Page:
Jose Quintana didn’t have his best control, Alexei Ramirez didn’t cover second base on a steal attempt in the first inning, Julio Borbon somehow turned around a high fastball from Jose Quintana and yanked it out to right field, Tyler Flowers hideously short-armed a throw on a third strike wild pitch, Alejandro De Aza was rendered helplessly confused by the presence of an outfield wall and Nate Jones’ peripherals are awfully troubling when I take the time to look at them.
All of these are appropriately disconcerting things that happened along the way to the White Sox getting annihilated 7-0 by the Cubs in front of their biggest crowd since Opening Day, but all were secondary abrasions on a corpse that was DOA.
The White Sox couldn’t hit Jeff Samrdzija, they could not come close to hitting Jeff Samardzija. “The Shark” threw a complete-game, two-hit shutout where he didn’t allow a runner past first base until there were two outs in the ninth. Conor Gillaspie removed any ‘no-hitter’ hysteria by leading off the third inning with a solid single to right field, which was great, because otherwise the no-hitter drama would have been INTENSE.
No single game can encapsulate a season, especially not a blowout loss for a team that deals with overwhelming amounts of late-inning drama every night, but it was telling the focus paid to the ugly dressing the Sox put on an empty plate. Samardzija looked as good as ever, flashing high-90’s late into the night, calling upon wipe-out breaking pitches whenever needed, but he wasn’t challenged, because there aren’t many challenges in this lineup. The rest of team struggling to live up to the impossible standards dictated by the offense is irrelevant.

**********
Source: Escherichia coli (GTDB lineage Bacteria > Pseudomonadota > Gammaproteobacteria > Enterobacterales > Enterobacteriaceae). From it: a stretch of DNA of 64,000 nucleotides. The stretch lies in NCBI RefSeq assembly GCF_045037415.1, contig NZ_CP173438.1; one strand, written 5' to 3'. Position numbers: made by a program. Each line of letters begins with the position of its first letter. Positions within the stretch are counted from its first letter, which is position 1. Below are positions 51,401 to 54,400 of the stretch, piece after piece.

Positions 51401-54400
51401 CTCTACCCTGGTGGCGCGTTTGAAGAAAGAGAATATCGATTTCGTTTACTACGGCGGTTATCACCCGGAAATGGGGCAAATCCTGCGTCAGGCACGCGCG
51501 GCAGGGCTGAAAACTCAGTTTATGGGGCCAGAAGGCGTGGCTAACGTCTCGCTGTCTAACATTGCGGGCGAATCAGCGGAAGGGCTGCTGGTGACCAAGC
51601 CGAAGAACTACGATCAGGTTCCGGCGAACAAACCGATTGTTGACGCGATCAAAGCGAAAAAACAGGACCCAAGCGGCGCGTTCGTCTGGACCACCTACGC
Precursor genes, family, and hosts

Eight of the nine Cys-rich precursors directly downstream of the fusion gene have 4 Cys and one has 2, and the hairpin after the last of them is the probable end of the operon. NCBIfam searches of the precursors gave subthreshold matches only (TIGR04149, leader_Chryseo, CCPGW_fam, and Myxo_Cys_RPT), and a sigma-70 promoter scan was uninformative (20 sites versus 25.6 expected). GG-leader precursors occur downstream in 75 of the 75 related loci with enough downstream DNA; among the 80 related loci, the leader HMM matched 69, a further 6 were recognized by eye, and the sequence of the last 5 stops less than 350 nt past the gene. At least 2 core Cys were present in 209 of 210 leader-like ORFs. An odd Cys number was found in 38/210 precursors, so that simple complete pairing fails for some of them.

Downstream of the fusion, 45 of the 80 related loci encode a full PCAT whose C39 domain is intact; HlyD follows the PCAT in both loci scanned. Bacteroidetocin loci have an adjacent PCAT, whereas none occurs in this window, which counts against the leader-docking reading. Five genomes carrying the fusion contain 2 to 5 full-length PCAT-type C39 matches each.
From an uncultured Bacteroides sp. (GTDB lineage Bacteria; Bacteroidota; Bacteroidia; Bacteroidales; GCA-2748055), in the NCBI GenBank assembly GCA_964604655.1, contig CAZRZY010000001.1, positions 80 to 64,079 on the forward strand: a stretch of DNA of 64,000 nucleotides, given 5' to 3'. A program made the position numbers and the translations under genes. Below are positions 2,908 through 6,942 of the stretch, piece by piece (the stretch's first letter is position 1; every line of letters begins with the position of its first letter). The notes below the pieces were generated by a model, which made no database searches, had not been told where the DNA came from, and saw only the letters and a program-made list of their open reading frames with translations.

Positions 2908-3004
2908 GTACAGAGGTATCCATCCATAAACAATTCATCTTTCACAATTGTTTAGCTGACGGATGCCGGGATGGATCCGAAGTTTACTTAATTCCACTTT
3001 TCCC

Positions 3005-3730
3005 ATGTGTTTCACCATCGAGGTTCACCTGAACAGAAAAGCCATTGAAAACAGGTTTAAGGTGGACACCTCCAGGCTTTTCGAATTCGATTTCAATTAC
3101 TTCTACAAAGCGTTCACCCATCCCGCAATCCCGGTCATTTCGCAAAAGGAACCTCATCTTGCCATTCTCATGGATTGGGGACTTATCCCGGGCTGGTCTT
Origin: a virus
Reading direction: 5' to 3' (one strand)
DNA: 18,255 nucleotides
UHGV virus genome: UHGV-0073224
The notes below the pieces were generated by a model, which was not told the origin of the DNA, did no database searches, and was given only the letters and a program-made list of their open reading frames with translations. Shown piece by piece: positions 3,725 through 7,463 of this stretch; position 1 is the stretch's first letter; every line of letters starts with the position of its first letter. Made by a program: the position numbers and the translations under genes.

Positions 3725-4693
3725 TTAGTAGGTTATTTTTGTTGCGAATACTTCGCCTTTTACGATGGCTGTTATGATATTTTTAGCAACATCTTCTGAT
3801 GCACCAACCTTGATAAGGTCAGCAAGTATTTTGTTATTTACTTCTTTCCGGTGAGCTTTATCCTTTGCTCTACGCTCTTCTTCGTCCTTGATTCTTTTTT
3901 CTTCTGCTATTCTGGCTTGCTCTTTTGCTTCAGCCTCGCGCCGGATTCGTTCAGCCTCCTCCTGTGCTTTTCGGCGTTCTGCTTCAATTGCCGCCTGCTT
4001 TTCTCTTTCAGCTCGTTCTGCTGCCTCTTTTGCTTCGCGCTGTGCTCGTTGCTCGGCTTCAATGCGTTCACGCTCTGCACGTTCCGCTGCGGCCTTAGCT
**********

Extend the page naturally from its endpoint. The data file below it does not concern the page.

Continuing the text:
The Cubs got their scoring started on an Alonso Soriano wall-single in a first inning extended by Alexei Ramirez failing to cover the bag on a Starlin Castro stolen base. Otherwise, Jose Quintana struck out the side and hit 94 mph regularly. That was the most hopeful moment of the game.
Quintana was only hitting 92 mph when Julio Borbon turned-and-burned (after striking out pathetically in his first two times up) on a high fastball for a two-run homer to right field, and ended poorly by letting an Anthony Rizzo leadoff double come around to score on a sacrifice fly in the sixth. Obviously it was not one of his better nights, but his arm looked strong. Unless he suddenly became incompetent, he’s somewhere between this night and his last start.
Nate Jones got a large portion of the blame for the seventh inning tire fire, presumably because he’s been struggling all year and this seemed to confirm it. But Tyler Flowers erasing one of the few whiffs Jones earned off the board with a ludicrously weak throw to first on a ball that got away and Alejandro De Aza having one his occasional wall episodes on a Rizzo fly ball to dead center exacerbated what wound up being a three-run inning.
Team Record: 24-25